Tuesday, 10 July 2007

Cypriot homes, Turkish domicide

This is just a short post (for the moment at least) and will serve to explain if I'm away for a few days, hopefully investigating the Turkish army's domicide of Greek Cypriot homes. Early yesterday morning, I found an article on the destruction of Greek Cypriot houses in northern Cyprus by the Turkish army (unreferenced but from the 7th of July edition of the Cyprus Mail) on Topix (where the comments very rapidly deteriorated in both relevance and quality); so far, as far as I know, the news has only been reproduced without comment elsewhere.
AROUND 80 Greek Cypriot houses have been demolished in occupied Karpasia and another 27 are in danger of being bulldozed, the chairman of the Karpasia Coordinating Committee Nicos Falas said yesterday.
Karpasia (also spelled Karpas, Karpass and Karpaz) is the north-eastern peninsula on Cyprus, the "pan-handle" of the island. Without any more specific information, it may be difficult to find the Cypriot homes falling victim to the Turkish army's domicide, but hopefully my Greek and Turkish will prove good enough and the destruction notorious enough to allow me to find them.
Falas was speaking after a meeting with British High Commissioner Peter Millet, where he asked for the intervention of the international community to save the remaining houses.

He said there was also a danger that demolitions would begin in the village of Ayia Triada, also in the Karpasia area.
I may visit Ayia Triada and work backwards.
Falas said that Millet told him he had spoken to Rasit Pertev, a senior aide to Turkish Cypriot leader Mehmet Ali Talat about the demolitions. "The High Commissioner was very positive and clear in his statements," said Falas. "He told us he had already informed the ambassadors of the permanent members of the UN Security Council and that he had made contact with Rasit Pertev."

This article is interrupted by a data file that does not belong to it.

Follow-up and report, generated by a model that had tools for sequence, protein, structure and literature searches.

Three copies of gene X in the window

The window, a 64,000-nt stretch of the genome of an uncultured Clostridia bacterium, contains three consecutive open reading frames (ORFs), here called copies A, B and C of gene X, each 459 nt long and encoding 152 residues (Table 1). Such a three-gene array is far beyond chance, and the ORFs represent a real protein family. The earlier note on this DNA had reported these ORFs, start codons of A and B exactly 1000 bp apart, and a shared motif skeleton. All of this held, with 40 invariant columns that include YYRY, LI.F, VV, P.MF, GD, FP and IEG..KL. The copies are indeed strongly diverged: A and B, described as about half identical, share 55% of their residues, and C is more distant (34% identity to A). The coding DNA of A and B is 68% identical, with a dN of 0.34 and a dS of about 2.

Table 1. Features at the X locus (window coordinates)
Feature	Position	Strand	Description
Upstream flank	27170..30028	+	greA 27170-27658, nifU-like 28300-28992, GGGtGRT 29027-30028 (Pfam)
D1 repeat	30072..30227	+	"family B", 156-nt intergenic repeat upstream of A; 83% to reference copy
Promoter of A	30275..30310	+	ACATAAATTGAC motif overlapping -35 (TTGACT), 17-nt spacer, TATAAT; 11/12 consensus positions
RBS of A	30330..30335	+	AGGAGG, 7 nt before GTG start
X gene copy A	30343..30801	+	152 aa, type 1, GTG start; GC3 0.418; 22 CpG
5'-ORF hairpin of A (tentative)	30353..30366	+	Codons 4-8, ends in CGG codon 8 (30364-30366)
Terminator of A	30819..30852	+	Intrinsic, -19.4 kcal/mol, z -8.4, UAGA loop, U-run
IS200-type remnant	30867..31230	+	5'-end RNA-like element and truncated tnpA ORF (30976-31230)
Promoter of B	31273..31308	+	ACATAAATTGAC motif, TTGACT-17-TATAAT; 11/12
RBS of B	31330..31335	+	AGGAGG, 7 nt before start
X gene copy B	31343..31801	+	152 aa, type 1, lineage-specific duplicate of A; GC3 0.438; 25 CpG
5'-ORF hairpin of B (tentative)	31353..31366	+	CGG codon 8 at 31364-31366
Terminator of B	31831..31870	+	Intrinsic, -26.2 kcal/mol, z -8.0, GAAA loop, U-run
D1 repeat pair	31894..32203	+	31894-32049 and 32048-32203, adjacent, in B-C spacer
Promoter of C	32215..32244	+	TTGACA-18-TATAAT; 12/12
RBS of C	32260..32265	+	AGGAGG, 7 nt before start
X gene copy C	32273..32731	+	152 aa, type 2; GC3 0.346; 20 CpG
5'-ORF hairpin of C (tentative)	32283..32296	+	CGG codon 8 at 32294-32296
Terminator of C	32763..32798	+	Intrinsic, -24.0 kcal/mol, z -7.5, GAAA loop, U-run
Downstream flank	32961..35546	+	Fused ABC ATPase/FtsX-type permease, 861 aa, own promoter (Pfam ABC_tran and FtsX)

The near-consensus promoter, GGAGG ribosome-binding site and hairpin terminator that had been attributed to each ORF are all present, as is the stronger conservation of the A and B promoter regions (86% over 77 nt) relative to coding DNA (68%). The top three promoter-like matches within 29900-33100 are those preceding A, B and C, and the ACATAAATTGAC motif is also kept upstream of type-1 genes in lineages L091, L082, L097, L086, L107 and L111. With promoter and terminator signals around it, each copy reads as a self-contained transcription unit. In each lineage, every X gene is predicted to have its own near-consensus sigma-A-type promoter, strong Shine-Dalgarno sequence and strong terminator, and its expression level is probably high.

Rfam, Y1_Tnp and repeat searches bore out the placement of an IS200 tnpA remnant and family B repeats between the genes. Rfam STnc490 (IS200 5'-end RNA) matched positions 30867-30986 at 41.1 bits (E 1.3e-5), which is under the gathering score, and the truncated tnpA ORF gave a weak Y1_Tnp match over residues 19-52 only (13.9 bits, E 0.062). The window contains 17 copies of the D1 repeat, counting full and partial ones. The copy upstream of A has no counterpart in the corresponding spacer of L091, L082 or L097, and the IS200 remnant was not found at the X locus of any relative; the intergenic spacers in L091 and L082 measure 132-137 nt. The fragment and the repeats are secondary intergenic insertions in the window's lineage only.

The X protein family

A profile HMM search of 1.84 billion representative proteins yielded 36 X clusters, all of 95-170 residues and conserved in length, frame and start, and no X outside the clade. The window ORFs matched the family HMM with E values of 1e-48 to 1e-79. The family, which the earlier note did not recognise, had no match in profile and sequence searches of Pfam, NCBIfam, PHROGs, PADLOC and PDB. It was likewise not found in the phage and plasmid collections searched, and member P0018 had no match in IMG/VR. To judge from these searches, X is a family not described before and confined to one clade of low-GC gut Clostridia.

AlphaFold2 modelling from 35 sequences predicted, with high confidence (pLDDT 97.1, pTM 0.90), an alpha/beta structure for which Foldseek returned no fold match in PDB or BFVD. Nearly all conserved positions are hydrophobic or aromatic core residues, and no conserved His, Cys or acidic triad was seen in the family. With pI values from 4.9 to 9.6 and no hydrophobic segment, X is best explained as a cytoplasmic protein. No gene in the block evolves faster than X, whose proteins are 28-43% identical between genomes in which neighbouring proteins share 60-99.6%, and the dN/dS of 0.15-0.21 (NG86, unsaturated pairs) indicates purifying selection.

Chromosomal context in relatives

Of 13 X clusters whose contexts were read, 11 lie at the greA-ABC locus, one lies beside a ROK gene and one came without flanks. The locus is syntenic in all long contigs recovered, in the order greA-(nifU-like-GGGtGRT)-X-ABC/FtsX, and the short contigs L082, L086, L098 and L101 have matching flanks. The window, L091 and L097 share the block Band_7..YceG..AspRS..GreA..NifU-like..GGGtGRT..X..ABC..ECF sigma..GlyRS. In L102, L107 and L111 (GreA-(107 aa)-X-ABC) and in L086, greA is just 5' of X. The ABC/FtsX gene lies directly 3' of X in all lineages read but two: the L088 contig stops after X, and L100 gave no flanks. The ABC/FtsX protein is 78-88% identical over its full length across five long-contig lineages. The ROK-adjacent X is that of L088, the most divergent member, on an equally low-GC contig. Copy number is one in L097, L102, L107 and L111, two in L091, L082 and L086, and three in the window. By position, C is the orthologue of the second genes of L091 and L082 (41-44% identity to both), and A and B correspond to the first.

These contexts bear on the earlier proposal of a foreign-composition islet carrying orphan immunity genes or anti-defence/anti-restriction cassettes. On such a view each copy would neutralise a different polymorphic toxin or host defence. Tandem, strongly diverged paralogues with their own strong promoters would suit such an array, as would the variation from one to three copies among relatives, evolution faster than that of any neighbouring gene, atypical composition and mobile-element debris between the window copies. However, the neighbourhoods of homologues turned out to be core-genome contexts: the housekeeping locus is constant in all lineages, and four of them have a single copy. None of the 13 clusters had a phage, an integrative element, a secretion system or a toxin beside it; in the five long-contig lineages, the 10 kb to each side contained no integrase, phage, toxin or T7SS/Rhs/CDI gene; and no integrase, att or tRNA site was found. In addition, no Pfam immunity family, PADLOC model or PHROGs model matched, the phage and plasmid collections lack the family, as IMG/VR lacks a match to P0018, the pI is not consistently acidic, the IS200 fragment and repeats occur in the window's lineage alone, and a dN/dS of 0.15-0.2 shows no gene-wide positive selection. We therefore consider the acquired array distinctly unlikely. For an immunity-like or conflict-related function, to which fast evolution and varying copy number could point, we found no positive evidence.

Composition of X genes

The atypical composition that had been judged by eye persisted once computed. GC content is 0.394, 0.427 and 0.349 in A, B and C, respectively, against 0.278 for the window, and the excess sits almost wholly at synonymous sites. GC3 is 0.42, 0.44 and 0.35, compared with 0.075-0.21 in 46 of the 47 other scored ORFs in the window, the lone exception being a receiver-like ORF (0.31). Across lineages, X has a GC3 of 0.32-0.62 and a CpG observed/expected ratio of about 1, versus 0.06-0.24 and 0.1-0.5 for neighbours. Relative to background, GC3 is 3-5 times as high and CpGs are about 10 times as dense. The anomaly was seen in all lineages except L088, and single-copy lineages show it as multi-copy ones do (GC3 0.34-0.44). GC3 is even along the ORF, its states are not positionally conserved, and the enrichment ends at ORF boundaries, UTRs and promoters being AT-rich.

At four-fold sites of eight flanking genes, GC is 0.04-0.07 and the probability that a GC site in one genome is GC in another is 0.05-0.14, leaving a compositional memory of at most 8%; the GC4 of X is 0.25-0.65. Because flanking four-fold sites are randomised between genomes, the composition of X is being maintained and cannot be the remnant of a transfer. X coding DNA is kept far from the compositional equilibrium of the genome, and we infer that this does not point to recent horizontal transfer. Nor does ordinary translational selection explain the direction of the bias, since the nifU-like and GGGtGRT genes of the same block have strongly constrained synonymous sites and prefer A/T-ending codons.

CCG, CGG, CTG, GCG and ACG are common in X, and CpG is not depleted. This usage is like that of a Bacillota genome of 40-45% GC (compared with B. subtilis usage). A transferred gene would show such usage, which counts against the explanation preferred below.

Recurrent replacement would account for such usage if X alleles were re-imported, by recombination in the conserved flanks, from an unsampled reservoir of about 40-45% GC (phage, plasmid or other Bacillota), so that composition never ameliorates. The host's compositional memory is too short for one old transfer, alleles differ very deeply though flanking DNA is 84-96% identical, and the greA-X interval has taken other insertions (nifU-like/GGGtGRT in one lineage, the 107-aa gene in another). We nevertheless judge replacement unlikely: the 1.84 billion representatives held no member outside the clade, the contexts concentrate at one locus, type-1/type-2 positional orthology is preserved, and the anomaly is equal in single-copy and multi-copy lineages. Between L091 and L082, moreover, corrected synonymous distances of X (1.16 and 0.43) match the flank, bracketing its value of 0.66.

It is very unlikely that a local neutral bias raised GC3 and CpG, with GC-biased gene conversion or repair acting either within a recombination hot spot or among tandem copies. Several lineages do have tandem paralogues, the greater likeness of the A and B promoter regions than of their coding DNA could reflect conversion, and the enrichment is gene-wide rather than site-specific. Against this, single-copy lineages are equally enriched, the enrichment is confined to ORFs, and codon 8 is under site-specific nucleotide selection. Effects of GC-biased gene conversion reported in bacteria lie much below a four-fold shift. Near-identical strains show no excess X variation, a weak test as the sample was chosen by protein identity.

Millet would also be meeting soon with Talat, Falas said. "We hope there will be some results that will put an end to this destruction," he said. However he said from what he understands, the demolitions were being carried out by the Turkish army and not the Turkish Cypriot administration.

"We do not believe this is the work of the Turkish Cypriot authorities," said Falas.
My colleagues and I cannot, however, think why the Turkish army is choosing to destroy these or any other Cypriot homes now. There's a vile logic to their domicide in northern Kurdistan/south-eastern Turkey, but there is no immediately visible tactical benefit here, now.

I would be curious to learn if this could be tied to the Turkish army's apparently revised practice of having Kurdish conscripts do their service in south-eastern Turkey (as opposed to northern Cyprus, where they were sent until recently), which would correlate with having the highly nationalistic Turkish conscripts who used to be sent to south-eastern Turkey being sent to northern Cyprus instead.

Cyprus Mail. 2007: "Greek Cypriot houses destroyed in Karpasia". Cyprus Mail, 7th July. Available at: http://www.cyprus-mail.com/news/main.php?id=33452&archive=1

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